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I'm trying to evaluate

$$\tan(\frac{\pi}{2}-y)$$

The answer I get is $-\cot(y)$ but the answers I have say it's $\cot(y)$

I'm not sure why it's not negative

Thanks

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  • $\begingroup$ If you show your work we may be able to point out the mistake. The correct answer is $cot(y)$; this identity is one of the "cofunction identities". $\endgroup$ – Spencer Aug 14 '16 at 5:44
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If you try and use one of those formulas with two angles in them such as, tan(u-v)=tan(u)-tan(v)/(1+tan(u)tan(v)) it won't work since tan(pi/2) is undefined.

Instead think about the relationship between sin(x) and cos(x). One of them lags or leads the other by pi/2. The function tan(x) and cot(x) follow the same principle.

The pi/2 is just a shift that makes them no longer lead or lag each other. For example cos(x-pi/2)=sin(x).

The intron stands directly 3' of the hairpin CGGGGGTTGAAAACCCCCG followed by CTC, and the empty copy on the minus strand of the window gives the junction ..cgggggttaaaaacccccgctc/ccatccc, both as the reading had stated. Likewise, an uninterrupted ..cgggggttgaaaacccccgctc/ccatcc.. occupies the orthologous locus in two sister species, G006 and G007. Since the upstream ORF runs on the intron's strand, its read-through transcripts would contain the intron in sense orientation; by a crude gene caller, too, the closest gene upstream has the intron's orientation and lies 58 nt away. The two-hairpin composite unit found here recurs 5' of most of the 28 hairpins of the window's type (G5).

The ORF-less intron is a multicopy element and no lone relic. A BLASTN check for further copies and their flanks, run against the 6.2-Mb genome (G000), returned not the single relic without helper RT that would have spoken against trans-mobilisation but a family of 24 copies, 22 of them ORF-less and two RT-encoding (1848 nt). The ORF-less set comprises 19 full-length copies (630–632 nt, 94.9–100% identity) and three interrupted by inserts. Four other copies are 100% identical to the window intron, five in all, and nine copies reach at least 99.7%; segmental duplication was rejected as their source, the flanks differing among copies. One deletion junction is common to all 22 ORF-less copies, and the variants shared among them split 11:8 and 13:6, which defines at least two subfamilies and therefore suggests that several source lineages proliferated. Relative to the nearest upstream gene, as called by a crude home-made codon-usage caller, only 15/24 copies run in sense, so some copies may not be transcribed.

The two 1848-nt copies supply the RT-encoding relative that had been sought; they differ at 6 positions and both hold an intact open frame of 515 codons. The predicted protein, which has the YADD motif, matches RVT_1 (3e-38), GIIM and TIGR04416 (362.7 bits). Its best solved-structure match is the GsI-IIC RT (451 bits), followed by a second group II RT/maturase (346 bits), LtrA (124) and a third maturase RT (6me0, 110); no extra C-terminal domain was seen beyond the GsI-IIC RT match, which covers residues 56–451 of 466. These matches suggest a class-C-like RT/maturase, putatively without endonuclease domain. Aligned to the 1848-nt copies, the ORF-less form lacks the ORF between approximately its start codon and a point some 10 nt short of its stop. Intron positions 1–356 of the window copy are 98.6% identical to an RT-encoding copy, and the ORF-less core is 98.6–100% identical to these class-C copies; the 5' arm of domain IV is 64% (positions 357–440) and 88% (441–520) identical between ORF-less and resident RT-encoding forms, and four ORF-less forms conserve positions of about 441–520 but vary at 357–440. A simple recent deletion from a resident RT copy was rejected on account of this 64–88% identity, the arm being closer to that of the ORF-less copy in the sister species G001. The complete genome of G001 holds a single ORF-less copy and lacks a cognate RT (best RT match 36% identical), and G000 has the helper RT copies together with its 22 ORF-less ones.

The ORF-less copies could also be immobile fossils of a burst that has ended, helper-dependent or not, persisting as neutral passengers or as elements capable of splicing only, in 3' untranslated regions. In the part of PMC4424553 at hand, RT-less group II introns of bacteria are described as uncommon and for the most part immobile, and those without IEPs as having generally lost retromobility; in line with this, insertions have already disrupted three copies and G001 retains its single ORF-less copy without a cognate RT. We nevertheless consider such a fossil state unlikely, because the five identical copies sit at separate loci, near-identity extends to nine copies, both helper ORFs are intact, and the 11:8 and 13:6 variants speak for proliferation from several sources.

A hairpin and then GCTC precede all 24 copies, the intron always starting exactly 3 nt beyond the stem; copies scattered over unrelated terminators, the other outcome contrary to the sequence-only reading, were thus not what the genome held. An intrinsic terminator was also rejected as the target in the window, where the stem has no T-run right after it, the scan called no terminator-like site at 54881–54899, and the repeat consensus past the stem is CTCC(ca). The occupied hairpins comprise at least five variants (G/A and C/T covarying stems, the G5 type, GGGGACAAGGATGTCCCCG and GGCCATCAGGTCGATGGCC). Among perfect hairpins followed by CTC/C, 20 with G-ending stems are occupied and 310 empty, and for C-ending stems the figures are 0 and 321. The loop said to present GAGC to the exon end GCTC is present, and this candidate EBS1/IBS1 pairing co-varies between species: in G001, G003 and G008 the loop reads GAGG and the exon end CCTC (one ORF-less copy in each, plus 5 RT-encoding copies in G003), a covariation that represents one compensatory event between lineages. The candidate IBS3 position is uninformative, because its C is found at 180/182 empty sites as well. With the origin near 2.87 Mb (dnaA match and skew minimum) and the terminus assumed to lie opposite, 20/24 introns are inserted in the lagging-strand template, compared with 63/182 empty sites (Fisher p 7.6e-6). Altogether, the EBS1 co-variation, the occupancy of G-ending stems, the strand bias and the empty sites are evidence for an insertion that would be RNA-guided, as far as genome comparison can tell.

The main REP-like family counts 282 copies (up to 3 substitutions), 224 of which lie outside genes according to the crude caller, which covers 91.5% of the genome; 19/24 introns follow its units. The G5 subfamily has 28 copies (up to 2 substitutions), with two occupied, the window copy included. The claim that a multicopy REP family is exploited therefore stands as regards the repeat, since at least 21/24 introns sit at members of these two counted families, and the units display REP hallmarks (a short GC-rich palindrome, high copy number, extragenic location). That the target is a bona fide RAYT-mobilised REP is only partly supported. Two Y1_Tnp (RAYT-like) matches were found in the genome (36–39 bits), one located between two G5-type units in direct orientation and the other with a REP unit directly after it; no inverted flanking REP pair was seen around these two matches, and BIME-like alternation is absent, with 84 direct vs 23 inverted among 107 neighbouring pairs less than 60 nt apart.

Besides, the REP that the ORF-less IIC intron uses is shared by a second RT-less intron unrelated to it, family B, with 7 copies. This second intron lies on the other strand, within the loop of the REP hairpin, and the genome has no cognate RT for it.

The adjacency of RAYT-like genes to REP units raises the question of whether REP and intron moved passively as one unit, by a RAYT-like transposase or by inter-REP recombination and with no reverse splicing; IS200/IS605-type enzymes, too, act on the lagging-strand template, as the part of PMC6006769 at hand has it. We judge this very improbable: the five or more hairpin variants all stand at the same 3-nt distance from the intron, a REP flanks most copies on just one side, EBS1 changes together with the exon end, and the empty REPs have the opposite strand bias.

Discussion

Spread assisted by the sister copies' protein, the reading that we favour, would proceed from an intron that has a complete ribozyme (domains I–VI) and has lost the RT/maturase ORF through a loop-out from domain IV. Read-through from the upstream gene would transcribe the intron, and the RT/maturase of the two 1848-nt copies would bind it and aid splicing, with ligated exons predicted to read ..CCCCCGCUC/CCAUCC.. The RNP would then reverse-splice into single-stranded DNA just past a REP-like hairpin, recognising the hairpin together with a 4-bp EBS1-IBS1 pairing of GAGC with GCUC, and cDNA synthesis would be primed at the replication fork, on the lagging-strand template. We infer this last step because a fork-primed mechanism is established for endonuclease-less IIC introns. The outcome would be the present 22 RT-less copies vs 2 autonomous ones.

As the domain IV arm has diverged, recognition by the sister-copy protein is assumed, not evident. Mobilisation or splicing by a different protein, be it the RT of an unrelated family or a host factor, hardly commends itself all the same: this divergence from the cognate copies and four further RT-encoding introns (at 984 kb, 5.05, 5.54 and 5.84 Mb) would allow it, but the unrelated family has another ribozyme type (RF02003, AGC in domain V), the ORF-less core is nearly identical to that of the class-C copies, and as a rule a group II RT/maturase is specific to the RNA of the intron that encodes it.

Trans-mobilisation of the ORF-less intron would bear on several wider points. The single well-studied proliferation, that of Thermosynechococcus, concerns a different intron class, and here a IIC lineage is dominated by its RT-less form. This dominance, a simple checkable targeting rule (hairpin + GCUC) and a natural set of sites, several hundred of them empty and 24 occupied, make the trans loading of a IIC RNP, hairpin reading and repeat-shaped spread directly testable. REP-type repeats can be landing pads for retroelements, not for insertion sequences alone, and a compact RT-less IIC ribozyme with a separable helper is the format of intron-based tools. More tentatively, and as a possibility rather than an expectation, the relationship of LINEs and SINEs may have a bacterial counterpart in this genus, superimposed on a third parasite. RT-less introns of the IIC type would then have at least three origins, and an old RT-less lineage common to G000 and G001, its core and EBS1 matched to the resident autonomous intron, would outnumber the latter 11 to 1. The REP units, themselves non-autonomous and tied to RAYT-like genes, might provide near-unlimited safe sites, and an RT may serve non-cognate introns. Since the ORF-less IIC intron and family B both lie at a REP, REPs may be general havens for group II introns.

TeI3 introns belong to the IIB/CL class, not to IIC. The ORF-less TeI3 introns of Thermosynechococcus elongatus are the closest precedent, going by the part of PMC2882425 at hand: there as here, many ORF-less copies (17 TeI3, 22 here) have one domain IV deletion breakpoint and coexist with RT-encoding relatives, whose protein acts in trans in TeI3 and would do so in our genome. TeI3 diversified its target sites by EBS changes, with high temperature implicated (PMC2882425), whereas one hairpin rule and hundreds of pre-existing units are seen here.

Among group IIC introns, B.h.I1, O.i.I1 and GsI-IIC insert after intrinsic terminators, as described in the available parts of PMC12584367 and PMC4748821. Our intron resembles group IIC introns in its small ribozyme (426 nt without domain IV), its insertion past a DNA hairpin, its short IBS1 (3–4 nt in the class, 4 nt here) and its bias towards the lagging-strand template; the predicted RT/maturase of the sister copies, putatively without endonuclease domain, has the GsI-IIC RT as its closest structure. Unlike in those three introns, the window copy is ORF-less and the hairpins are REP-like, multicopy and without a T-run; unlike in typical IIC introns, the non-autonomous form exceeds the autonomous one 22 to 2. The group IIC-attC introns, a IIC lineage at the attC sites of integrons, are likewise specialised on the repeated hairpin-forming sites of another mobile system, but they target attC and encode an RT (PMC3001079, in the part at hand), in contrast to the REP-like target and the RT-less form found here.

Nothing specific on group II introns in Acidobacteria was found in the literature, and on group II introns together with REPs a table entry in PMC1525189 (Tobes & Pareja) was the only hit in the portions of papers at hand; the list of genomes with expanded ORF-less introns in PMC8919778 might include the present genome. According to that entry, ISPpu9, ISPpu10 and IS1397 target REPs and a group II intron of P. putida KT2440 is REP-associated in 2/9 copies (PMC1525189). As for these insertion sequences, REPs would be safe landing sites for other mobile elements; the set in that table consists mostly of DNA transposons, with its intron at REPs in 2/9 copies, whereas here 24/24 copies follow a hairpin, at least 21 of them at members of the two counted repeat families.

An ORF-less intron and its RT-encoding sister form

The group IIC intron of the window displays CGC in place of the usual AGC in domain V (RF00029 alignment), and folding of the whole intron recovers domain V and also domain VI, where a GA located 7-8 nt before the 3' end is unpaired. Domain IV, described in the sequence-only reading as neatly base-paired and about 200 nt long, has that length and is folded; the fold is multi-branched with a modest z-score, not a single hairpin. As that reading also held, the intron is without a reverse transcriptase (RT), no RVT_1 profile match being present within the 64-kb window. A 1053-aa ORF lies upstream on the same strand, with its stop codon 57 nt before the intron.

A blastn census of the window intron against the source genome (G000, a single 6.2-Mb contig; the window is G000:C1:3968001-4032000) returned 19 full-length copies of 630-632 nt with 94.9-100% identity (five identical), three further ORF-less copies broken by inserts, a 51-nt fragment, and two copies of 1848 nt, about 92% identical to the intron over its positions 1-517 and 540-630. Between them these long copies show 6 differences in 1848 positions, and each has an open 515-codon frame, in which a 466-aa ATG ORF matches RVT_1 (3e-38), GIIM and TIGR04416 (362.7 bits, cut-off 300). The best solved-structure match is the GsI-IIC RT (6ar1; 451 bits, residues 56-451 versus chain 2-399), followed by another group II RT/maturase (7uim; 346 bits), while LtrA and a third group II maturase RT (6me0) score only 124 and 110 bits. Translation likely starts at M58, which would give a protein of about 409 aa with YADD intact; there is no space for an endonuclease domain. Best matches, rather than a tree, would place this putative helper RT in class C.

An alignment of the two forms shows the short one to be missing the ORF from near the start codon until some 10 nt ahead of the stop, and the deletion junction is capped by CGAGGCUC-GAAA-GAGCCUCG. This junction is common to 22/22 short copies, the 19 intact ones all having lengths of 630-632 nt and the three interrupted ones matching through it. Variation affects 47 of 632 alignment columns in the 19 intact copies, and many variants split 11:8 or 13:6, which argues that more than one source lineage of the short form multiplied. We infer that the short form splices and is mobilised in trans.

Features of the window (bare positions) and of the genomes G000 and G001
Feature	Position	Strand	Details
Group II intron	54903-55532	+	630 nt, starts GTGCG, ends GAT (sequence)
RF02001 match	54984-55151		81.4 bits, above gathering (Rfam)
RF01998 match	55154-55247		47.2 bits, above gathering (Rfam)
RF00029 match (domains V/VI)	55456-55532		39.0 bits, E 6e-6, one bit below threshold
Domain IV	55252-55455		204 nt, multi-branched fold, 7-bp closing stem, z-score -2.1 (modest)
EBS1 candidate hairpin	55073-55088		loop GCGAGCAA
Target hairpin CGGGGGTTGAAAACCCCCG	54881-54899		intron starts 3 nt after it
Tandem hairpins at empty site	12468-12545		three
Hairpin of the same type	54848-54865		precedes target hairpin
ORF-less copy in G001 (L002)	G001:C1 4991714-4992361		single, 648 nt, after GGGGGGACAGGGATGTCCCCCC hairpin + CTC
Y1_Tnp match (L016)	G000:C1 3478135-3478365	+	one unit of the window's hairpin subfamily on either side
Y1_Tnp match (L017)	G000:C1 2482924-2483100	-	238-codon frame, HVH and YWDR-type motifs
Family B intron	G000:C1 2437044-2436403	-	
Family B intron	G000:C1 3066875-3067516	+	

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  • $\begingroup$ Thanks a lot! That makes sense. I got the answer $\endgroup$ – Patrick Robertson Aug 14 '16 at 5:53
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Hint: Try drawing a right triangle with the other $2$ angles being $y, \frac{\pi}{2} - y$. You can then visually see that tangent of one angle is cotangent of the other. As @Spencer said if you want to know where you made a mistake please let us know what you've tried.

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